The conductive films 207 which form source or electrodes are provided so as to be electrically connected with the impurity regions 203 b that form source or drain regions of the semiconductor film 203 and with the impurity regions 213 b that form source or drain regions of the semiconductor film 213, via openings formed in the insulating films 206 a and 206 b. Further, as shown in FIGS. 9A to 9D, by electrically connecting the conductive film 207 which is electrically connected to the impurity region 203 b that forms a source region or a drain region to the conductive film 207 which is electrically connected to the impurity region 213 b that forms a source region or a drain region, a CMOS circuit may be formed.

Next, an example of a method of manufacturing the semiconductor device shown in FIGS. 9A to 9D will be described with reference to the drawings. Note that FIGS. 10A to 10E and 11A to 11D show cross-sections taken along the broken line that joins a1 and b1 in FIG. 9A.

First, a semiconductor film 267 formed over the substrate 201 with the insulating film 202 interposed therebetween and the gate insulating film 204 that covers the semiconductor film 267 are formed (FIG. 10A). The gate insulating film 204 is formed by forming a resist 253 over an insulating film that is formed over the semiconductor film and wet-etching the insulating film using the resist 253 as a mask. In this embodiment mode, for the substrate 201, the insulating film 202, the semiconductor film 267, and the gate insulating film 204, the same manufacturing methods, materials, and the like as those used for the substrate 101, the insulating film 102, the semiconductor film 103, and the gate insulating film 104, respectively, described in Embodiment Mode 1, can be employed.

Next, using the resist 253 as a mask, the semiconductor film 267 is wet-etched using TMAH. By wet-etching using TMAH, island-shaped semiconductor films 203 and 213 whose end portions are disposed in regions inside the gate insulating film 204 are formed (FIG. 10B). When TMAH or the like is used as an etchant, selective etching takes place with only the semiconductor film 267 being etched, so the insulating film 202 and the gate insulating film 204 are not unnecessarily etched. Note that the invention is of course not limited to the manufacturing method described in this embodiment mode. The semiconductor films 203 and 213 and the gate insulating film 204 may be formed by dry-etching the semiconductor film and the gate insulating film simultaneously, then wet etching the semiconductor films so they recede back inside the regions of the gate insulating films 204, as shown in Embodiment Mode 1.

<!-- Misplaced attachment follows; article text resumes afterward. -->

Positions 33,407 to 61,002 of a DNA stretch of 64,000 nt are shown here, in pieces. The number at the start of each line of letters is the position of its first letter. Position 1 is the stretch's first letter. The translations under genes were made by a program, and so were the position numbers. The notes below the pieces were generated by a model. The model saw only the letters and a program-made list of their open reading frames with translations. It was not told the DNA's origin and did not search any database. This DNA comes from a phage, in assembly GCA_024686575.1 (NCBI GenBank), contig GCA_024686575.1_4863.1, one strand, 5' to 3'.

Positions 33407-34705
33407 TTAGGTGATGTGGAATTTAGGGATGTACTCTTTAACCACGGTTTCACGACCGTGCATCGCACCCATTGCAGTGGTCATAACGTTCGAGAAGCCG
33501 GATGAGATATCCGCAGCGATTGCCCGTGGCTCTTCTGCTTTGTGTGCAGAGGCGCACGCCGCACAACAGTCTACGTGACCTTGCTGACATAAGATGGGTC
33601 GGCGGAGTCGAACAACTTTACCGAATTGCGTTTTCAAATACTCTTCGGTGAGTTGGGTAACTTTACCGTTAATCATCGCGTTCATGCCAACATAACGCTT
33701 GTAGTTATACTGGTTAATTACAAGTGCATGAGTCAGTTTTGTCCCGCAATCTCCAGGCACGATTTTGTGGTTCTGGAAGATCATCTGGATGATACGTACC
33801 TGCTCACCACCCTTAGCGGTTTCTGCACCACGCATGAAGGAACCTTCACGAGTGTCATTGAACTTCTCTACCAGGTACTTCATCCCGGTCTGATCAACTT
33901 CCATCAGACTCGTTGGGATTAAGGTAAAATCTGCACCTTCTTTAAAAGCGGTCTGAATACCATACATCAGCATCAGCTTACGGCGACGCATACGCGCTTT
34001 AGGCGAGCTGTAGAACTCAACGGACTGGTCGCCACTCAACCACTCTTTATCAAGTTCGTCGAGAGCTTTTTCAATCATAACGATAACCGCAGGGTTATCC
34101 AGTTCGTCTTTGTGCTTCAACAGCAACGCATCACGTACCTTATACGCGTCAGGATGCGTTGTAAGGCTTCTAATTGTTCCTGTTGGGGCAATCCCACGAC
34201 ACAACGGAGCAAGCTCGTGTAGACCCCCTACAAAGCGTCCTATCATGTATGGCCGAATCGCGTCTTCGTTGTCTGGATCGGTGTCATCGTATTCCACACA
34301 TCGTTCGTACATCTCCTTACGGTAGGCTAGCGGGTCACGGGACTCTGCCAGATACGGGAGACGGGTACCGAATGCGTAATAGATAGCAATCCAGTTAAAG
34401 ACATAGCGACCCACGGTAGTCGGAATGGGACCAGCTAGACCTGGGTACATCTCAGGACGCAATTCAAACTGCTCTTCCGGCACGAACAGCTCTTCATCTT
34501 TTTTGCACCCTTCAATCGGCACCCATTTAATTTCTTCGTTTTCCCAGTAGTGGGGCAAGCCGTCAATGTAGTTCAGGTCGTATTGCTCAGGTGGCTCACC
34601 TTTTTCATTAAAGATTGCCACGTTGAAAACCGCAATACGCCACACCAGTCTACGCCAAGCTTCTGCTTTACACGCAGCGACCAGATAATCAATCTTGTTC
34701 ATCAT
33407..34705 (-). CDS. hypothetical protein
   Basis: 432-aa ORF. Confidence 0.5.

Further, in order to control a threshold value or the like, an impurity element may be introduced into the semiconductor films 203 and 213 in advance at a low concentration. In that case, an impurity element is also introduced into regions which are to later be channel forming regions in the semiconductor films 203 and 213. As an impurity element, an impurity element which imparts n-type conductivity or an impurity element which imparts p-type conductivity can be used. As an impurity element exhibiting n-type conductivity, phosphorus (P), arsenic (As), or the like can be used. As an impurity element exhibiting p-type conductivity, boron (B), aluminum (Al), gallium (Ga), or the like can be used. For example, as the impurity element, boron (B) can be introduced in advance into an entire surface of the semiconductor film 203 and an entire surface of the semiconductor film 213 such that it is contained in the semiconductor films 203 and 213 at a concentration of 51015 to 51017/cm3. Of course, the concentration at which an impurity element or impurity elements are introduced into the semiconductor films 203 and 213 may differ, and an impurity element introduced into the semiconductor film 203 may have a different conductivity type to that of an impurity element introduced into the semiconductor film 213.